It is beyond the scope of this book to describe every orthopaedic procedure that may be necessary for pet rabbits. The same basic principles apply to rabbits as to cats. For fractured limbs, the aim of orthopaedic intervention is to restore anatomical alignment and immobilize the fracture site to permit rapid healing. Although splinting the limb may appear to be the simplest option, the shape of rabbits’ legs does not lend itself to the easy application of satisfactory splints, slings or bandages, so, in many cases, surgery is indicated. Internal fixation usually involves pinning rather than plating, due to the small bones and thin cortices. Rabbit bones are brittle and fractures are often complex with multiple fragments. On the positive side, rabbit bone heals quickly. External fixation is often the solution for fracture repair in rabbits. The effects of external fixation on bone have been studied in laboratory rabbits. In an investigation of bone loss due to immobilization with an external fixator, no significant changes in bone strength, stiffness or mineral content were found after 6 weeks, but bone strength was reduced by 87% and mineral content by 90% after 12 weeks. These effects were less pronounced using an external fixator rather than using metal plates (Terjesen and Benum, 1983).
Amputation of a fractured limb offers an economic solution for a complex fracture and may be the only option for an intractable condition such as septic arthritis or neoplasia. Rabbits tolerate amputation well, especially of a forelimb. The procedure is similar to other species. The bone should be sectioned with a saw, rather than bone cutters, as it is liable to shatter. The main drawback of amputation, especially of a hindlimb, is the effect on the contralateral leg. There is a risk of avascular necrosis of the skin on the plantar aspect of the metatarsus (ulcerative pododermatitis, sore hocks) due to increased pressure (see Section 7.10). The risk can be reduced by preventing obesity, encouraging activity and housing the rabbit on clean, dry, compliant bedding. With forelimb amputation the rabbit may experience difficulty grooming that side of the head, ear and face. The owner or a bonded companion may need to assist in performing these actions.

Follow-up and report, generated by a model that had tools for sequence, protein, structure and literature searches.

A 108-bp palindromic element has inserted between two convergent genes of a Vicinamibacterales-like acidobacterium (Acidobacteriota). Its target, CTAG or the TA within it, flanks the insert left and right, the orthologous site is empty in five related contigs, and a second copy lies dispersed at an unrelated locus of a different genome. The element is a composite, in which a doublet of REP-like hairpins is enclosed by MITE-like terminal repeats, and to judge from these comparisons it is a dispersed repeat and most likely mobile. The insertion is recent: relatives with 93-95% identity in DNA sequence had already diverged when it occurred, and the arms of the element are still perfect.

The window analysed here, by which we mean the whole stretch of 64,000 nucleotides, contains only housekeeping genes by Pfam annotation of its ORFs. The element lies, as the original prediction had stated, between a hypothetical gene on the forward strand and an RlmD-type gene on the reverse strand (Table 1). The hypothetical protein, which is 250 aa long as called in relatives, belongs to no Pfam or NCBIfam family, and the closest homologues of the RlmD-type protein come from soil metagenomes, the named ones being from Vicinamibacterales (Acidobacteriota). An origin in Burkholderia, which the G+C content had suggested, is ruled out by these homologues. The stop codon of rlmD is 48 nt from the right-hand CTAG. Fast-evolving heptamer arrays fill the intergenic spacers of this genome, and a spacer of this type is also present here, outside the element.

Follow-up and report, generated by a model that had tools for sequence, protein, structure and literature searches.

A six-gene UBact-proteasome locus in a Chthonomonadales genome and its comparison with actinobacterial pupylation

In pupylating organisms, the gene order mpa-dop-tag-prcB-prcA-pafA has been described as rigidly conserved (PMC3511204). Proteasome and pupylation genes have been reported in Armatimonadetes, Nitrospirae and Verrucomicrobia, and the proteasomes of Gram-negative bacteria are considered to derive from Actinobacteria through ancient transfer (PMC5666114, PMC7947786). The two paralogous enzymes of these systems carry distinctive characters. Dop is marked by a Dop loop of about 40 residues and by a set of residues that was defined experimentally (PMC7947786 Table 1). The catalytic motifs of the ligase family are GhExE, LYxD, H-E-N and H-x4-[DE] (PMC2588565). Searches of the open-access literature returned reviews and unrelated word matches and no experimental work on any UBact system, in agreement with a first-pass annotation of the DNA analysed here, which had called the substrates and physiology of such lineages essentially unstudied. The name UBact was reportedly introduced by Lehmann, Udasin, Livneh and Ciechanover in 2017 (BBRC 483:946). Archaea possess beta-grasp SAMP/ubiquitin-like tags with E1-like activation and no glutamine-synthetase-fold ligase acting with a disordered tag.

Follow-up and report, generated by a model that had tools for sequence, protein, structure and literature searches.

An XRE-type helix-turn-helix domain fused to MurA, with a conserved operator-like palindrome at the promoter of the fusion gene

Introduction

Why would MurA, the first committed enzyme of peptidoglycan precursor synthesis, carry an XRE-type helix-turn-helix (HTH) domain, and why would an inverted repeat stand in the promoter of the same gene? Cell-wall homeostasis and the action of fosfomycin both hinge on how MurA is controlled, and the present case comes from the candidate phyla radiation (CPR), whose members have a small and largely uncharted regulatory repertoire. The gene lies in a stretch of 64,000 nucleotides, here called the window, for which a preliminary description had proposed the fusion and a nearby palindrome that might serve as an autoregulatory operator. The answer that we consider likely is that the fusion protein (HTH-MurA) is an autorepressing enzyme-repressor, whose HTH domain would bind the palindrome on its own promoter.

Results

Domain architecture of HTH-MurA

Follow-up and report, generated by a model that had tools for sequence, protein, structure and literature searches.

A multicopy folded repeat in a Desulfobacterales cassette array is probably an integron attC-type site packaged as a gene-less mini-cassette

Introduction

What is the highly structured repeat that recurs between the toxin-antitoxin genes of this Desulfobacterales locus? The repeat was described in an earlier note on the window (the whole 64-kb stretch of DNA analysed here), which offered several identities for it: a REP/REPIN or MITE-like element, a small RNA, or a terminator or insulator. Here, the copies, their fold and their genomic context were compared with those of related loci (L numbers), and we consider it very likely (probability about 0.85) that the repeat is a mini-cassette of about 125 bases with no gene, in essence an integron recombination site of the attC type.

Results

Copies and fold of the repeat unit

10.3 Neurological diseases
A detailed neurological examination is difficult in rabbits but proprioreceptive deficits, paresis or paralysis are easily detectable: see Figure 10.1 for a detailed neurological examination form. There are many external signs that suggest neurological disease on initial visual inspection. Rabbits perform contortions in order to groom thoroughly (Figure 10.2). The coat and perineum may show evidence of lack of grooming or perineal dermatitis that are indicative of spinal disease or other neurological problems. Cheyletiellosis and matted fur suggest reduced flexibility. There may be pain associated with palpation of the spine or there may be a history of aggression.
Figure 10.2 (A-C) Healthy rabbits performing normal grooming routines.
It is clear that balance and coordination are essential for performing even the most basic normal behaviours. Image courtesy of Heather Pinchien.